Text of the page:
The U.S. should intervene in Myanmar


Liam Regan, Staff Writer

On Feb. 1, following a landslide election in favor of  the National League for Democracy (NLD), Myanmar’s military seized power.  Protests over the past few months have been met with brutal force, and the military is responsible for over 700 deaths, many of whom were innocent civilians, protesters, and children.  On March 27 alone, over 100 protesters were killed.  Furthermore, thousands of civilians were arrested for peacefully protesting.  

The military junta, who rules undemocratically and without any respect for human rights, must be toppled and the original government must be restored.  While this may seem like an obscure conflict taking place halfway across the world, one cannot undervalue the worth of human lives.  Due to the corruption and sheer brutality of the regime, the United States must intervene and repair the damage created by the coup.

The original force that drove the Myanmar military to revolt is something known to Americans: the fear of voter fraud.  After Donald Trump’s defeat in the 2020 election, protests and complaints stated the election was “rigged.”  Myanmar also had a democratic election to choose the next leader, and the NLD won by a landslide.  Myanmar’s military, however, said they believed that widespread voter fraud made the election invalid, so they requested the vote be redone.  

Although few voter fraud cases were discovered in both the United States and in Myanmar, in Myanmar the military refused to accept the election results.  They carried out a coup in which they removed the country’s democratic leader from office and took charge.  

The leader before the coup, Aung San Suu Kyi, has been held hostage since the military took over.  The new head of the country and commander-in-chief of the military, Min Aung Hlaing, justifies the mutiny that occurred and expresses his belief that the military will protect the people and restore a “true democracy” to the country.  Ironically, Aung San Suu Kyi was awarded a Nobel Peace Prize in 1991 for her efforts to bring about democratic reform in her country, yet Hlaing removed her from office and declared that he would bring democracy to Myanmar.  

“The right to participate in government and the importance of democracy is undeniable.  The military’s decision to override this is unacceptable,” said freshman Ezra Loewy.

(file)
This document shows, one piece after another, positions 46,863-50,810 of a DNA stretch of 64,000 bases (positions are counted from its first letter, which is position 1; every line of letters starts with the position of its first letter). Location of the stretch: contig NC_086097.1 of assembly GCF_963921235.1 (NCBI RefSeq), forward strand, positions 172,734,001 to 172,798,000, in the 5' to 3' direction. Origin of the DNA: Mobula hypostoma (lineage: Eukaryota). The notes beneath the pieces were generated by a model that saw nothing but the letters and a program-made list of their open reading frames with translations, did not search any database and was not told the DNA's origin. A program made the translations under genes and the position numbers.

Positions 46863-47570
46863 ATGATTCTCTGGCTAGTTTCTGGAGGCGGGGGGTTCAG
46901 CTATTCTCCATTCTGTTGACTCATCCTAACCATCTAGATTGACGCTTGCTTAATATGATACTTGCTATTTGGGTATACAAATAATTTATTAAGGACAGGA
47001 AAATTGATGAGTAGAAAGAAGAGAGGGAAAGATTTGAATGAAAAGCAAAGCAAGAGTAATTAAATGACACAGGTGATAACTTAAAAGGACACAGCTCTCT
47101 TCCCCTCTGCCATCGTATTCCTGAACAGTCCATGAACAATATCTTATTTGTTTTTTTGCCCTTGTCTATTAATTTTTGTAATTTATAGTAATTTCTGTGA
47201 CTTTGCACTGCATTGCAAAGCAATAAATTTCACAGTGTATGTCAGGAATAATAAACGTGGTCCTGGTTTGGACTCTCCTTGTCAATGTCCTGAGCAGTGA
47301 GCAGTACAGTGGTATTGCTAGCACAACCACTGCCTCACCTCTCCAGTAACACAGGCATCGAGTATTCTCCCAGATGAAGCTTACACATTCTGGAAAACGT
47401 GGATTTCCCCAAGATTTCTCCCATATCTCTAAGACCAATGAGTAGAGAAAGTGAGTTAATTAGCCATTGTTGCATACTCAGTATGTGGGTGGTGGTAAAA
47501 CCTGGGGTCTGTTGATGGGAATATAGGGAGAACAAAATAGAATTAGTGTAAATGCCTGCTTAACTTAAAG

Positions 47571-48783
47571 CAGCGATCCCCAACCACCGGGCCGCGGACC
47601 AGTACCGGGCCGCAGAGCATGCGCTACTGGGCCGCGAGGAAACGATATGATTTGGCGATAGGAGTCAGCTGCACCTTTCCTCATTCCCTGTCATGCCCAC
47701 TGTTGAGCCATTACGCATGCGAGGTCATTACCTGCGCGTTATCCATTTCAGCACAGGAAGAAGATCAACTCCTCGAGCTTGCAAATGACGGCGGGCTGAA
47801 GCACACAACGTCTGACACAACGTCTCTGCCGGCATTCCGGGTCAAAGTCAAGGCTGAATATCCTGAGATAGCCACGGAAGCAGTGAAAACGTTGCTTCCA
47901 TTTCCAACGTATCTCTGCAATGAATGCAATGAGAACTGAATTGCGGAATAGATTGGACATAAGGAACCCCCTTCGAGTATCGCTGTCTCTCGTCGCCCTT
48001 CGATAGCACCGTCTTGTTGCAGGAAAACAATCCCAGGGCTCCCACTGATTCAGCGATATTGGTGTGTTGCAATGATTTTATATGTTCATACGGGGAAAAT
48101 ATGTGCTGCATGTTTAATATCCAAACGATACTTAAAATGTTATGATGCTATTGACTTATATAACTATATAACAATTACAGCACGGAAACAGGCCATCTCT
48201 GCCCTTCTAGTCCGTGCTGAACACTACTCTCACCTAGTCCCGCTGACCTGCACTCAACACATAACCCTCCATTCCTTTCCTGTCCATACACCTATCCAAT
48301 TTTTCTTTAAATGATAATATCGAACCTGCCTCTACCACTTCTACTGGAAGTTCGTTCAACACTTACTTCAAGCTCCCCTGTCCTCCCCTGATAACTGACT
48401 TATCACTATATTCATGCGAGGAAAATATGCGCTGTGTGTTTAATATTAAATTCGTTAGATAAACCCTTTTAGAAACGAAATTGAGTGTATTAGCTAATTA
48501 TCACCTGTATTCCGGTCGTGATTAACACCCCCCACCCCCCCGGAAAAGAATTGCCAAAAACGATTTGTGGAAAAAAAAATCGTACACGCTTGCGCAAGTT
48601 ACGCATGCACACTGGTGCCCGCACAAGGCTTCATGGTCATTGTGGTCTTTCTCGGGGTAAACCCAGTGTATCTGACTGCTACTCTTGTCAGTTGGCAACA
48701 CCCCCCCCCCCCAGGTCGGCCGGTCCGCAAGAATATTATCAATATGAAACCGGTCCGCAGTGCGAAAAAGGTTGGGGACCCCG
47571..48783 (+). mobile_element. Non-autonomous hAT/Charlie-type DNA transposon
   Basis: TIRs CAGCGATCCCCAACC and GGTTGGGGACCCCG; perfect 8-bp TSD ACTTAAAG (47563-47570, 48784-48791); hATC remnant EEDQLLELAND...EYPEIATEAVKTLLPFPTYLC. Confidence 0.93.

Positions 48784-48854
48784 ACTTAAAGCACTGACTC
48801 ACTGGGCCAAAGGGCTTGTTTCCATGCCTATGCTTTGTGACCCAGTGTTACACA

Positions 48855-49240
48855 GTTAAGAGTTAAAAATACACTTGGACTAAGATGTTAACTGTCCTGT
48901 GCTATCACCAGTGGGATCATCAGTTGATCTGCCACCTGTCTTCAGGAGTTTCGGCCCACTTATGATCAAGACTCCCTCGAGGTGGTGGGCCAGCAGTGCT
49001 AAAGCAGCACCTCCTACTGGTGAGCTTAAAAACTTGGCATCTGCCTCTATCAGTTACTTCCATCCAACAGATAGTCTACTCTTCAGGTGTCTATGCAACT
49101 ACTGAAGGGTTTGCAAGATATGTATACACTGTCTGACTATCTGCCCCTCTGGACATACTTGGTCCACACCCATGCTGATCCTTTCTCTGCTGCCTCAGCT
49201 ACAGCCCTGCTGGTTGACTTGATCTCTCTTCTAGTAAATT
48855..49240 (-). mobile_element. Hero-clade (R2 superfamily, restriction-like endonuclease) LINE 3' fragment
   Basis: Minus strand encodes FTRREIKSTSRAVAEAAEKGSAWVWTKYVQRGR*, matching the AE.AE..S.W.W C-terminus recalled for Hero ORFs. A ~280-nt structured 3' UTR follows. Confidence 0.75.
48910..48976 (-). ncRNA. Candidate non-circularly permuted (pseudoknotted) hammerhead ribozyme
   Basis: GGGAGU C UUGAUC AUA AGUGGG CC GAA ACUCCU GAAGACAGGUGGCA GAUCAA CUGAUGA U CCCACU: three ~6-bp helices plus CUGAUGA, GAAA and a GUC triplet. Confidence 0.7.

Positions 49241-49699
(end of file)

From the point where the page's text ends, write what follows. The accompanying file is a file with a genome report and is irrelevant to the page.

Min Aung Hlaing’s claim that the military is for the people is questionable, as his regime has already resulted in hundreds of deaths.  Hlaing is familiar with violence; he is one of the chief figures driving the persecution and genocide of Rohingya Muslims.  The commander and his cohorts have been determined to eliminate the Rohingya from Myanmar.

“The current situation regarding Rohingya Muslims in Myanmar is horrible, and the U.S. should step in to prevent the situation from worsening,” said sophomore Sean Mondschein.  

Unfortunately, there have not been many attempts to help the Rohingya, so they have created armed forces of their own.  The Arakan Rohingya Salvation Army attacked multiple police stations and an army base.  They have also executed Rohingya whom they believed were traitors.  As these groups militarize, Myanmar seems to be headed towards a civil war.  To prevent this, international assistance is necessary and should be provided as soon as possible.

“Hopefully the United States government will intervene in this conflict and put an end to this coup,” says sophomore James Chondrogiannis.  

The crumbling situation in Myanmar necessitates foreign intervention to prevent it from worsening.  The Rohingyas responding with force highlights the threat of a civil war that would increase the death and suffering of civilians.  In order to stop future human rights abuses and restore democracy in Myanmar, the United States must intervene.